You see, Jesus did not use his God-ness as something to be exploited to his own advantage. He refused to use the very power he had access to and instead humbled himself as a human and lived in complete harmony with the Father’s will. Jesus faced Satan not as God but as a man and as such began to wrestle back the authority man had given to Satan when he chose autonomy in the beginning.

Perhaps the temptation we need to be most mindful of is the subtle temptation to use our power, our resources, our position and prominence in a way that dominates, coerces, uses, and objectifies others. Sometimes we can so easily do this and find a scripture to justify each of our actions. But just remember that even when Satan was tempting Jesus he offered scripture to justify autonomy from the Father’s will.

What might it look like to live in a stance of humility today, to serve others rather than looking to others for gain or as objects that exist for “my” agenda?
What might it look like to not give the other guy the thing he deserves and what you have every right by law to repay him with for the wrong he committed against you?
What might it look like to live completely for the Father’s will today instead of in autonomy?


I think these kinds of questions can help us into a deeper understanding of “lead us not into temptation” and perhaps more of life as God intended it for us.

Monday, November 09, 2009

Performance, Worship Leading, and American Idol



I have not put out too many blogs recently but I have several in the works. I’ve been thinking about something that I mentioned on a blog a couple of months ago – “Perhaps our biggest enemy is our own experience.” So I’ll explore this idea from another angle today.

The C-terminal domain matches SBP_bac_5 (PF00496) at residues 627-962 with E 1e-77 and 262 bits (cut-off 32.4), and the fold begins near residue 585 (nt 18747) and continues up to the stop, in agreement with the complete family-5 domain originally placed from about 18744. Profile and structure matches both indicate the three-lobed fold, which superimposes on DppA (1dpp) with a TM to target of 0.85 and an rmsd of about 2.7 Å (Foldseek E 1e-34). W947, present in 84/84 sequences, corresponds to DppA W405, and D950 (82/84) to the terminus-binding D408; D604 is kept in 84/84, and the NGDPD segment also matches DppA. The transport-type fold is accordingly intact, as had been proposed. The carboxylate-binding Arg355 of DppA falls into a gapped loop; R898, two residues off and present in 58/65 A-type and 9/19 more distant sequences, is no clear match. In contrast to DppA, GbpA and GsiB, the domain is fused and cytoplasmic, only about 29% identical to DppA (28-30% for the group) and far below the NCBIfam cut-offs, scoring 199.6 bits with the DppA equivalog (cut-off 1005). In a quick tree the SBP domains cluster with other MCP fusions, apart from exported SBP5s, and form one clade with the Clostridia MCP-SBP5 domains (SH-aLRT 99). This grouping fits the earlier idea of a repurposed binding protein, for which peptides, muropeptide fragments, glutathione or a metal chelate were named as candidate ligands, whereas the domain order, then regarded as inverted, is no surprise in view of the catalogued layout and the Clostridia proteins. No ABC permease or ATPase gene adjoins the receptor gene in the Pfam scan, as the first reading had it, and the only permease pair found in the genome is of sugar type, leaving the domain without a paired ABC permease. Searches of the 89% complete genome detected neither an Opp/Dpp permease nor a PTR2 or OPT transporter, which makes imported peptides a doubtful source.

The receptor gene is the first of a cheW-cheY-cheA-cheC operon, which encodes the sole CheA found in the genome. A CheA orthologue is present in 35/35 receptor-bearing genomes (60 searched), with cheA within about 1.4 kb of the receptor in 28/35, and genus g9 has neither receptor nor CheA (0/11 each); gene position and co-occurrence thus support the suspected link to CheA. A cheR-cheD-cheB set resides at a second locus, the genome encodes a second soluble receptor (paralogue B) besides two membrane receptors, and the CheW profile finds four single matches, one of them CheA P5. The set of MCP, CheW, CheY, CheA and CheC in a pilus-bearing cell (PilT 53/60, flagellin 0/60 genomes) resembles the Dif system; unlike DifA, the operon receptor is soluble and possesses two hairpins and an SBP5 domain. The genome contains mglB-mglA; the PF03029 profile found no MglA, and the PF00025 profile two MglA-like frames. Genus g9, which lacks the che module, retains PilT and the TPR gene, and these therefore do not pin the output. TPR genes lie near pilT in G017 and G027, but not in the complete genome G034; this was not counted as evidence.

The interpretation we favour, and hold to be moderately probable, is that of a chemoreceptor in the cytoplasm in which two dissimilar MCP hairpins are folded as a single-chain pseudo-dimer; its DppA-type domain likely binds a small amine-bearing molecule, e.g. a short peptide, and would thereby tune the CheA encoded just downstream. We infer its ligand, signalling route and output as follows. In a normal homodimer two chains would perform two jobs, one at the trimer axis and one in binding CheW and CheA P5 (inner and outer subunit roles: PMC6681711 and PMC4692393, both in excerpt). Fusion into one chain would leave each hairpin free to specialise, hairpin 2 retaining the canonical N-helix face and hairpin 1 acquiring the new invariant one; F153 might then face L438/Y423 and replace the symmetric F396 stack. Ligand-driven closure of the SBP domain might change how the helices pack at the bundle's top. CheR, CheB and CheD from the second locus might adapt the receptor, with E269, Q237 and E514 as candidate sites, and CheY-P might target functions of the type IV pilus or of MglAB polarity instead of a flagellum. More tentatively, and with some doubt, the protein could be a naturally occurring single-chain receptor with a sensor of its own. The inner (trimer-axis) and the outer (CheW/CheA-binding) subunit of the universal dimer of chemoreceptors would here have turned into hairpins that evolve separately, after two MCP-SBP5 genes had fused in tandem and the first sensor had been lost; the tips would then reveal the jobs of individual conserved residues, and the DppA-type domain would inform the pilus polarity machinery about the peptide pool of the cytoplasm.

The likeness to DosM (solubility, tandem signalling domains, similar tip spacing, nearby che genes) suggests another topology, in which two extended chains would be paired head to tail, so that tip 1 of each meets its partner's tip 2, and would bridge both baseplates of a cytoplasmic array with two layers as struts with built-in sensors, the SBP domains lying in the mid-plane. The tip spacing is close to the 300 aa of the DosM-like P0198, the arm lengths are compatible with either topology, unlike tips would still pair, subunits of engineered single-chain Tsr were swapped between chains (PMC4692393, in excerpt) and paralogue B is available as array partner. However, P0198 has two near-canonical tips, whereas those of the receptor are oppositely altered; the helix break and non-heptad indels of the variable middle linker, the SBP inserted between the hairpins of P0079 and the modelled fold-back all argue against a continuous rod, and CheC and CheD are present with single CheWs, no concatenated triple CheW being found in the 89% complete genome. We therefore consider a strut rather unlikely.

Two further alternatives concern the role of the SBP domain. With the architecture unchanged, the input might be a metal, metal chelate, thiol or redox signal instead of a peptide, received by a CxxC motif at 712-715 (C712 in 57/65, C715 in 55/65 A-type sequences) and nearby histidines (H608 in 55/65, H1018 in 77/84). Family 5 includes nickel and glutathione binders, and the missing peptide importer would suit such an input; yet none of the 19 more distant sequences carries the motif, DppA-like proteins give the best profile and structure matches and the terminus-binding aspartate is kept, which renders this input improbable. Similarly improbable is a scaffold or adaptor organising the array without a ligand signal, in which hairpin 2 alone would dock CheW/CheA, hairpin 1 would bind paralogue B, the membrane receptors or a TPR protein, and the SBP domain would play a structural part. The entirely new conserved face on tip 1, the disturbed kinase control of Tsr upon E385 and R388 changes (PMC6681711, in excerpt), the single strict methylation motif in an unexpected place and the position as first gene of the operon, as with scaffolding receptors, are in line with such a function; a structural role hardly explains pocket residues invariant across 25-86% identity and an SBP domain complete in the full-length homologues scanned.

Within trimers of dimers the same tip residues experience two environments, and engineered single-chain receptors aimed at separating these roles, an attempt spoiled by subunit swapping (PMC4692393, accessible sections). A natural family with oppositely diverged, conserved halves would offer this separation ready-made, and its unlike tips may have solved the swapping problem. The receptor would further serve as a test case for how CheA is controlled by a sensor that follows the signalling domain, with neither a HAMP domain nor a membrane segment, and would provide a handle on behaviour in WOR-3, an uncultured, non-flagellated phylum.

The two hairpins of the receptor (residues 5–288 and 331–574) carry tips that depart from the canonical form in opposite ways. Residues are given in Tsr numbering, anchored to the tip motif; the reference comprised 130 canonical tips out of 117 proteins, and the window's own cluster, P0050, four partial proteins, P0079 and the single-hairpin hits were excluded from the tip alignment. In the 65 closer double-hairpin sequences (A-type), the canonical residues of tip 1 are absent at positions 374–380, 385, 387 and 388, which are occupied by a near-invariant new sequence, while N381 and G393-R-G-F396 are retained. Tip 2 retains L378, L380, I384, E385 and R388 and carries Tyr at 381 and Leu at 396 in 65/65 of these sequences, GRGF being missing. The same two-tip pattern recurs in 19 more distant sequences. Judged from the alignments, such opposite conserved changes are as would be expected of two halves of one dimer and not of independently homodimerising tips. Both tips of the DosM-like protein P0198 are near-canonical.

On this last season of American Idol I found it interesting that more than half of the last 12 finalists were either worship leaders or sang in church on a regular basis. No doubt there are many who are elated that Christians are breaking into the mainstream a bit and finally getting their due. I think it's pretty cool myself. However as one who has lead worship in the church for years and played music outside of the church quite a bit I find that it brings me some conflicting emotions because I know just how easy it is slip from heartfelt worship to slick performance, to move from worshipping God into the idolatry of the adoration of the masses. Now before I go on, I am in no way passing judgment on the Christian contestants for making it into the final round. For all I know they are all devout and sincere and totally devoted to Christ. If anything I am considering my own journey as a worship leader, as a musician, as a performer who has spent considerable time wrestling with the dynamics of worship and performance. So this is just one of the few examples in popular culture where we see worship leaders taking big strides into the arena of performance and as such offers us a good opportunity for dialogue on this subject. Again, this is not necessarily a bad thing, but certainly raises questions concerning worship leading and performance, questions which deserve some wrestling with, which is what this blog is all about.